So I grew a 56-day playoff beard for the Blackhawks and I was not about to shave it without maximizing the entertainment potential inherent in facial hair. It seemed appropriate to honor my favorite presidential facial hair, that of Chester A. Arthur.
Please try to control yourself upon discovering how attractive I am.
Most people with a half-decent interest in presidential elections know that facial hair has mandatory between approximately 1850 and 1920 but almost nonexistent outside of that time period. HuffPo has a short slideshow refresher course on some of the more impressive instances of Executive beardage, or you could stop being a dilettante and go for the ridiculously thorough catalog of mustaches, beards, sideburns, and stray mole hairs among presidents as well as presidential candidates by Nicholas Whyte.
While Mr. Whyte does note that no "serious" candidates have had facial hair since 1948 (Thomas Dewey) there have been some quasi-serious ones. Libertarian candidate Bob Barr was nominated by the American Mustache Institute (which apparently is real) for its (I shit you not) "Robert Goulet Mustached American of the Year Award" in 2008.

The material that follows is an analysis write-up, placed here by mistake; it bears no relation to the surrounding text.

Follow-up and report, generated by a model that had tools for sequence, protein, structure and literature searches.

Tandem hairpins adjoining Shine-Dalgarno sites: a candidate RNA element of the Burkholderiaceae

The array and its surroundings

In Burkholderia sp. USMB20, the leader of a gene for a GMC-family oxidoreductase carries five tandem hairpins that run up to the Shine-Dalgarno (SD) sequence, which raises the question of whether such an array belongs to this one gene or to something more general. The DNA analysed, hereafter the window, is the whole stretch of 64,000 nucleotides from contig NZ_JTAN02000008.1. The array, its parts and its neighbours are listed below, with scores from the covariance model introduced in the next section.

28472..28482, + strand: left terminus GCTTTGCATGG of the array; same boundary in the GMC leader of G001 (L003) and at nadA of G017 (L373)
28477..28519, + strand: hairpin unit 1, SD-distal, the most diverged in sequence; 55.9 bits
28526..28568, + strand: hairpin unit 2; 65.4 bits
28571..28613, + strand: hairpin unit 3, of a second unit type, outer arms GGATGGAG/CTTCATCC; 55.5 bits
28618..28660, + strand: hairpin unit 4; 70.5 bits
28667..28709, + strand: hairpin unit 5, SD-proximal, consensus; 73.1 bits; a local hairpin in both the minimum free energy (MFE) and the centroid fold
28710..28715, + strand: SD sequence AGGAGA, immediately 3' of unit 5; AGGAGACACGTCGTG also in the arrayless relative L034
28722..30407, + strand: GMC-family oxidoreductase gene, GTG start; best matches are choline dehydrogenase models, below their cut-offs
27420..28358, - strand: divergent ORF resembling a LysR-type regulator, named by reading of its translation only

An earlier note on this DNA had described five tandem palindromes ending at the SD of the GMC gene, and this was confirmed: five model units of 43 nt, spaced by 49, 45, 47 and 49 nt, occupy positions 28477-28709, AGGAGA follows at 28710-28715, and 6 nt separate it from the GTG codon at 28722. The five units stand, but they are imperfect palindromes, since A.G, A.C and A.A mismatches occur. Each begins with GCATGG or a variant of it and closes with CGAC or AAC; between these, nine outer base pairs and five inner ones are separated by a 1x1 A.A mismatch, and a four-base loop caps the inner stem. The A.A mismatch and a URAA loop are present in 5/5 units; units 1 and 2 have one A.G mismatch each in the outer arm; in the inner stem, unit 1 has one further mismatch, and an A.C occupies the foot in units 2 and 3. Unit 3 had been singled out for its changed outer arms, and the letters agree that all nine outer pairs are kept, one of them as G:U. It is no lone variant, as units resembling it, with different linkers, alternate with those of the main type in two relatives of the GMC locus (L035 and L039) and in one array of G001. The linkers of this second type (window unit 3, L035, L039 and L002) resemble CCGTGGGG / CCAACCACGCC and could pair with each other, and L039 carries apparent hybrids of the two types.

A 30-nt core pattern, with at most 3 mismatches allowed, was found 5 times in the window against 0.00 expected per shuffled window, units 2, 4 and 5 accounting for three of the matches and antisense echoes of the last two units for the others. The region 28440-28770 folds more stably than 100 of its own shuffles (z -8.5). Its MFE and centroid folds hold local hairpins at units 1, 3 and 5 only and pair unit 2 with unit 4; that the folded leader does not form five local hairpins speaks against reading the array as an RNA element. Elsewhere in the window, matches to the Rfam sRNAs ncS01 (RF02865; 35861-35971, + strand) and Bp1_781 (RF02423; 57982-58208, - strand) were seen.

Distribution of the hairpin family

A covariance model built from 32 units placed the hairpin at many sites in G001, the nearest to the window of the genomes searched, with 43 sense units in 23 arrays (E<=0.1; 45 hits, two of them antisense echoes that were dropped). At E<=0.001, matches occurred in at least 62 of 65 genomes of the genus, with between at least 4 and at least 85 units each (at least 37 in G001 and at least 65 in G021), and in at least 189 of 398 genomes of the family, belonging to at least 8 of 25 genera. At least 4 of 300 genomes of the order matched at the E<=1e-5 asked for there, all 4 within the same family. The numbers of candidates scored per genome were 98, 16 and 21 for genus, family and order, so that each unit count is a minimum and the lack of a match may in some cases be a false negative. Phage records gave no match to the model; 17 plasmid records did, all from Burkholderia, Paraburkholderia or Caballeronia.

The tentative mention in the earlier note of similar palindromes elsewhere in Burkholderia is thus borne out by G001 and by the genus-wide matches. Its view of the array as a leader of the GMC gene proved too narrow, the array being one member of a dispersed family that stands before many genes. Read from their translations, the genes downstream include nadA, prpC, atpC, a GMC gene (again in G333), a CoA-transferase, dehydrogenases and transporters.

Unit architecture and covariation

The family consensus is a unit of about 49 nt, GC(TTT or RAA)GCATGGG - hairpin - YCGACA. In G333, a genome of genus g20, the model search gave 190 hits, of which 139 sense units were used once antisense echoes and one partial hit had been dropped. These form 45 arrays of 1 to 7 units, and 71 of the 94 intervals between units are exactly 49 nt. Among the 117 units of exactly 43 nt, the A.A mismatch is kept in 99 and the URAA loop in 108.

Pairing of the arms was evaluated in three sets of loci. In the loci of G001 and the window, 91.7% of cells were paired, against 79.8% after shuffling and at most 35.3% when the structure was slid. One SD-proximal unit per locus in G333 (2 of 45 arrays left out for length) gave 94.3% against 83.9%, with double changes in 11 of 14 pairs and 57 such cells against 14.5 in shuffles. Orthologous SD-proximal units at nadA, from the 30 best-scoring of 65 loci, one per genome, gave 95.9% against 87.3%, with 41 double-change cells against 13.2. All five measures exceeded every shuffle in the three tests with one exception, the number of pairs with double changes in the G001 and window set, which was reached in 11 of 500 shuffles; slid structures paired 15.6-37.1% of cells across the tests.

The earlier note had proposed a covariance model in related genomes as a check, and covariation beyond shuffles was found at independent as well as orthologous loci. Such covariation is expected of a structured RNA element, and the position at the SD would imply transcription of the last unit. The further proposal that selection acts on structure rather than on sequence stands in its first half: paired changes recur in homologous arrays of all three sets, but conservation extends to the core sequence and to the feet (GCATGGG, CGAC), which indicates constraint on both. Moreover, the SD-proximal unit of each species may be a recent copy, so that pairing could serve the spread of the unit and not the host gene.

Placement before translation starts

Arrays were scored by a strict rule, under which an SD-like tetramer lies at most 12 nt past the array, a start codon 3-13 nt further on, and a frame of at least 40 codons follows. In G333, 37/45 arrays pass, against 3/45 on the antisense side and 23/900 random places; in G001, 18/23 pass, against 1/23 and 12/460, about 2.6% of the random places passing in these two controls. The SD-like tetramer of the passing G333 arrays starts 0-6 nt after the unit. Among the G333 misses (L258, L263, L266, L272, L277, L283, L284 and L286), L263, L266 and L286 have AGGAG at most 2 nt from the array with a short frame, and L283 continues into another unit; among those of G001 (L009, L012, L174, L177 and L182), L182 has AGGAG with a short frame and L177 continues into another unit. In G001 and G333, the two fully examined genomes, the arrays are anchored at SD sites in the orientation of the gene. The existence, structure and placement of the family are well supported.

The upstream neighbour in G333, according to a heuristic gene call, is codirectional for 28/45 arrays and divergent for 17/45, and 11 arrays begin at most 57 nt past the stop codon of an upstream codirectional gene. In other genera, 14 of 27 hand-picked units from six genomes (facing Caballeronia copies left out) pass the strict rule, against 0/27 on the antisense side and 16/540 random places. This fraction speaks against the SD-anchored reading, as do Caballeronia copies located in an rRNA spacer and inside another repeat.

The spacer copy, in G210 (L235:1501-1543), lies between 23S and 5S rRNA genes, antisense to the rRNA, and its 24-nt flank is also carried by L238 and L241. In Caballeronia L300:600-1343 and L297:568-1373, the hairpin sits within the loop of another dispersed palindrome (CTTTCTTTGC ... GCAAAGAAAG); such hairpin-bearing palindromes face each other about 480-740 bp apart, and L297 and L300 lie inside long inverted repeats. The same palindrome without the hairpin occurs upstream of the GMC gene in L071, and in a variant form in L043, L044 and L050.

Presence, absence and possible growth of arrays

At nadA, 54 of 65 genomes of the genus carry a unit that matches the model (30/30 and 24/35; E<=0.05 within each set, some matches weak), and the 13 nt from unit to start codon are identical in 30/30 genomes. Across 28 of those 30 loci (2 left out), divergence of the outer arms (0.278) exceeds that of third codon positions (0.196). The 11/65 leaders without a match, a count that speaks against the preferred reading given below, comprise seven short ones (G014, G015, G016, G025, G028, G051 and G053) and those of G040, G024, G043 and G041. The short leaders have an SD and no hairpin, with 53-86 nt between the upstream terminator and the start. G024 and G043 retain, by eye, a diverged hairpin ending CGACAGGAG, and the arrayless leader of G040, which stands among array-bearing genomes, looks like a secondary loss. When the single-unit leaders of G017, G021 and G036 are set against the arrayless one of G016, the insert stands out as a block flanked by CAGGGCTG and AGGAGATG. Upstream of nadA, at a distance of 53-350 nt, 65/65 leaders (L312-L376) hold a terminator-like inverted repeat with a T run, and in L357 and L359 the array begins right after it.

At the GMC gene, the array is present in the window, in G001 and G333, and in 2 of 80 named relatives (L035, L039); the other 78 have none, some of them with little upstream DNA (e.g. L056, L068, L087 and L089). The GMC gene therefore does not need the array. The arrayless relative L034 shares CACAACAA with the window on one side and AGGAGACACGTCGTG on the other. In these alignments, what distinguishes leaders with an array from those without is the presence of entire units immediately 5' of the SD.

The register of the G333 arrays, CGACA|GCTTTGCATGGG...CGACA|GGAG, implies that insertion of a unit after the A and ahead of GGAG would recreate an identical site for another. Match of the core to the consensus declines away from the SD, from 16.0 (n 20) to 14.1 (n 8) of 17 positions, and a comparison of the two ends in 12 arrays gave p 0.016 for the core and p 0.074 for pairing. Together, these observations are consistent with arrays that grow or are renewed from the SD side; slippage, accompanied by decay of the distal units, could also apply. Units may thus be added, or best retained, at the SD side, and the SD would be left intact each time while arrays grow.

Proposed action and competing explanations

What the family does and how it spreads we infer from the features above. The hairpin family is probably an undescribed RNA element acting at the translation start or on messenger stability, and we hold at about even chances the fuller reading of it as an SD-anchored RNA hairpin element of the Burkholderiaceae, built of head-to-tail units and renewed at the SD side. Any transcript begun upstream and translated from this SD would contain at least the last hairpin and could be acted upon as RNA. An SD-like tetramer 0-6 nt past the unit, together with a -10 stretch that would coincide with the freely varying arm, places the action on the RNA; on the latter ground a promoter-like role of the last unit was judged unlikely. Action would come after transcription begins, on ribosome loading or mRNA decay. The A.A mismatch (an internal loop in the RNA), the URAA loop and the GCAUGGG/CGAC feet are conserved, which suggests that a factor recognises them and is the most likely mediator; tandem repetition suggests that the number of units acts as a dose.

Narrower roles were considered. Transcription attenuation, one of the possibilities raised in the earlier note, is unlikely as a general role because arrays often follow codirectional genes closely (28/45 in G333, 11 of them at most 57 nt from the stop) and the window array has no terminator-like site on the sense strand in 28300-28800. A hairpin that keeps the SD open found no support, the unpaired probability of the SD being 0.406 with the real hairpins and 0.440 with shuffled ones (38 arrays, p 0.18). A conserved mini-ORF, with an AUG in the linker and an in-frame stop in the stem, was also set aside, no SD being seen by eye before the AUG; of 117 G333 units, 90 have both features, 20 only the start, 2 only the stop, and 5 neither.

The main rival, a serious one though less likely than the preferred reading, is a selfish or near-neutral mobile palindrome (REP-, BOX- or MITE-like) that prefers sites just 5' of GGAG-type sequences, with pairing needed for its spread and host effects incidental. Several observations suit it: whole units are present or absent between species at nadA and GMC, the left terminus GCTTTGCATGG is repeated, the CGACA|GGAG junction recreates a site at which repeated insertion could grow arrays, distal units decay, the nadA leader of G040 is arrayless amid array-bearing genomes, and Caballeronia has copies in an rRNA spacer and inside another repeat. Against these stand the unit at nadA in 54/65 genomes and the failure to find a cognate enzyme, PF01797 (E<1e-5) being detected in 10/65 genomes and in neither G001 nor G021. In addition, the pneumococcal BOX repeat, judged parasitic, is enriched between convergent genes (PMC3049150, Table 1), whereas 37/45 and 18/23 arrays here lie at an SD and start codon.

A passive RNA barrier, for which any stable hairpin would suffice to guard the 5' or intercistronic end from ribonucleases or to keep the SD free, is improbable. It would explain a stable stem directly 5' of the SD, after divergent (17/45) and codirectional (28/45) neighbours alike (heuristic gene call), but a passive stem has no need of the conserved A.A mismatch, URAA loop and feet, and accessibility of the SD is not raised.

This is an actual thing.
What is behind the modern aversion to facial hair? Yes, mustaches make 99.9% of their wearers look like registered sex offenders, meth dealers, or state troopers. But older men can sometimes look more stately with a beard. Something odd like bushy sideburns could also make a no-name candidate stand out from the pack. I am not holding my breath, but I hope that facial hair becomes politically acceptable again at some point in the reasonably near future. I don't want to live in a country that wouldn't elect James A. Garfield on account of his massive, bushy beard or, even worse, a political system that would scare him out of growing one in the first place.